Indeed, even armed with all the skills and knowledge that you need to lead, you may find that your current environment does not necessarily offer the greatest space for either your personal or career growth. Find yourself a team that matches your ambition and professional orientation, then find a way to politely, professionally and with proper advance notice, tell your current employer, “It’s not me. It’s you.”

9. Build Your Brand

This is one item that prospective hires didn’t really have to worry about back in the day. But now, it’s pretty much essential. These days, when you apply for a job, your prospective employer will almost inevitably do a cursory Google search for a look at your online presence.

This will include anything you’ve posted on social media, highlighted on LinkedIn, or published through personal or public blogs. In other words, everything you put out there into the online world helps to establish the impression you’ll present to both current and prospective employers, whether you intend for it to be seen or not. 

Make sure you control that impression. Establish consistent messaging and presentation. Make your experience, accomplishments and goals clear in everything you put out into the world.

The reality is that, today, your branding is as important–perhaps even more so–than your resume. While the resume presents a one dimensional look at your professional background, your branding can tell employers a great deal more about who you really are. This, in turn, can play a major role in determining whether or not you’re a good cultural fit for an organization or a good personality fit for a new role.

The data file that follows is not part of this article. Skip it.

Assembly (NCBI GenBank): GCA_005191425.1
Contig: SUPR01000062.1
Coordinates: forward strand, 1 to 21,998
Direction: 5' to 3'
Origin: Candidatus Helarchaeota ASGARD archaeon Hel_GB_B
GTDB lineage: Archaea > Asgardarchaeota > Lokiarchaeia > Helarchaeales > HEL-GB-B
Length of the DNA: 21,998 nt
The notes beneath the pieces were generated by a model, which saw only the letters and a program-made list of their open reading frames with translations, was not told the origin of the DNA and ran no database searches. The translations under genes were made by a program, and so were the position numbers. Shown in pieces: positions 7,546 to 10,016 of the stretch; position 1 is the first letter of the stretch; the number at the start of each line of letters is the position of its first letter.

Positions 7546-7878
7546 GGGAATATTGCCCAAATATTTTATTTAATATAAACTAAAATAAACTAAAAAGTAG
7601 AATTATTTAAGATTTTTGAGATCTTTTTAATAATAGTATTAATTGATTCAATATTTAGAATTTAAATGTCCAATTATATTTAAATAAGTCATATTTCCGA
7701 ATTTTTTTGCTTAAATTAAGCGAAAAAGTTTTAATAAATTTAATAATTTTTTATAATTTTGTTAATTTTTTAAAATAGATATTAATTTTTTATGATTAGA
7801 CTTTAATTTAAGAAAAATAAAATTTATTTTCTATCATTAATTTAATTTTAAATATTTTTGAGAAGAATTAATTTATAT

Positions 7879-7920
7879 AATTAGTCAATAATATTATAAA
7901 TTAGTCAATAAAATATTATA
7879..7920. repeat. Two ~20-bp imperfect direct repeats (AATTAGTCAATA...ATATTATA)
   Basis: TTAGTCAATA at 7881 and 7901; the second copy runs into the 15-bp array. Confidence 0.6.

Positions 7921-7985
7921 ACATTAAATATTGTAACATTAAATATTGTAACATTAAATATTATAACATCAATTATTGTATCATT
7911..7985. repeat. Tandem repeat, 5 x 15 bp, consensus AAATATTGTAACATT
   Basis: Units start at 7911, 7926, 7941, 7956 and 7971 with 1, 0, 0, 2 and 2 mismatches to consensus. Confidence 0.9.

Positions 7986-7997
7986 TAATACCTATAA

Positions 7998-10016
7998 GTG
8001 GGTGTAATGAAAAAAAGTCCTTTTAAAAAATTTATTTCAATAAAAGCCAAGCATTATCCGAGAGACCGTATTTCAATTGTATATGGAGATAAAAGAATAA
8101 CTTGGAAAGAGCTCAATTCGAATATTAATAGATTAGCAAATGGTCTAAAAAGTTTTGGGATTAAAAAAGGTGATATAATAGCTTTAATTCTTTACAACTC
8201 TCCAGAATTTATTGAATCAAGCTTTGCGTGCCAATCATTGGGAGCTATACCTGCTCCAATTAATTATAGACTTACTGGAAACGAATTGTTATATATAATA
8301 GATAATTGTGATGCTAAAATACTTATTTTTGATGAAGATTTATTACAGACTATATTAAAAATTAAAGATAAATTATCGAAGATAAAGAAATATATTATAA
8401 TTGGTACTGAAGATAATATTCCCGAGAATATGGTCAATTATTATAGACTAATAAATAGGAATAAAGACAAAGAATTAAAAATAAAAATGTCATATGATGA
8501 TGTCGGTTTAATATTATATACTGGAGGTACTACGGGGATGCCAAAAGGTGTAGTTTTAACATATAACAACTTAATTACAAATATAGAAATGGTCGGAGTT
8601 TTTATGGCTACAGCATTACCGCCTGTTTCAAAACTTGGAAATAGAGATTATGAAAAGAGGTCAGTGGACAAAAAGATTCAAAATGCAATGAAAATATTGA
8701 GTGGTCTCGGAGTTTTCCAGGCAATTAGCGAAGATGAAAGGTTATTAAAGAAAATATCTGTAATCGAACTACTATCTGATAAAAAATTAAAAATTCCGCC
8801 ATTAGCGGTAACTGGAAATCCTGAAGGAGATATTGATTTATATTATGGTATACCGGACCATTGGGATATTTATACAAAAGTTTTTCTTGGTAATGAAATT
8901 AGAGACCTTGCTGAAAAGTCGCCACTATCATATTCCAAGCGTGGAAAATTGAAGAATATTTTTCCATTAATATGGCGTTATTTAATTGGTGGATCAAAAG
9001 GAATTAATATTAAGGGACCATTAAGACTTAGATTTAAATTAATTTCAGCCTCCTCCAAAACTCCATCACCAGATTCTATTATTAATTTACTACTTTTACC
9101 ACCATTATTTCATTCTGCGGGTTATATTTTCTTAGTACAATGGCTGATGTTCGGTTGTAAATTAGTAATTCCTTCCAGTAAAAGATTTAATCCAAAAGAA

For this reason, says an article from Medium, “Building a brand is not optional. It is a strategy for survival. Personal branding, also referred to as personal marketing, helps you to: Establish your reputation in your industry; Promote your experience; Stand apart from your competitors; and Attract new employers, clients, or fans.”

And while you’re at it, make sure you tidy up your social media accounts. We were all young once, but that doesn’t mean we have to display our indiscretions for the hiring world to see. Make sure there’s nothing in your past that might cast you in a less than professional light. Employers have pretty easy access to Google and Instagram. It’s not hard to do a quick background check and eliminate candidates who display poor judgment on social media.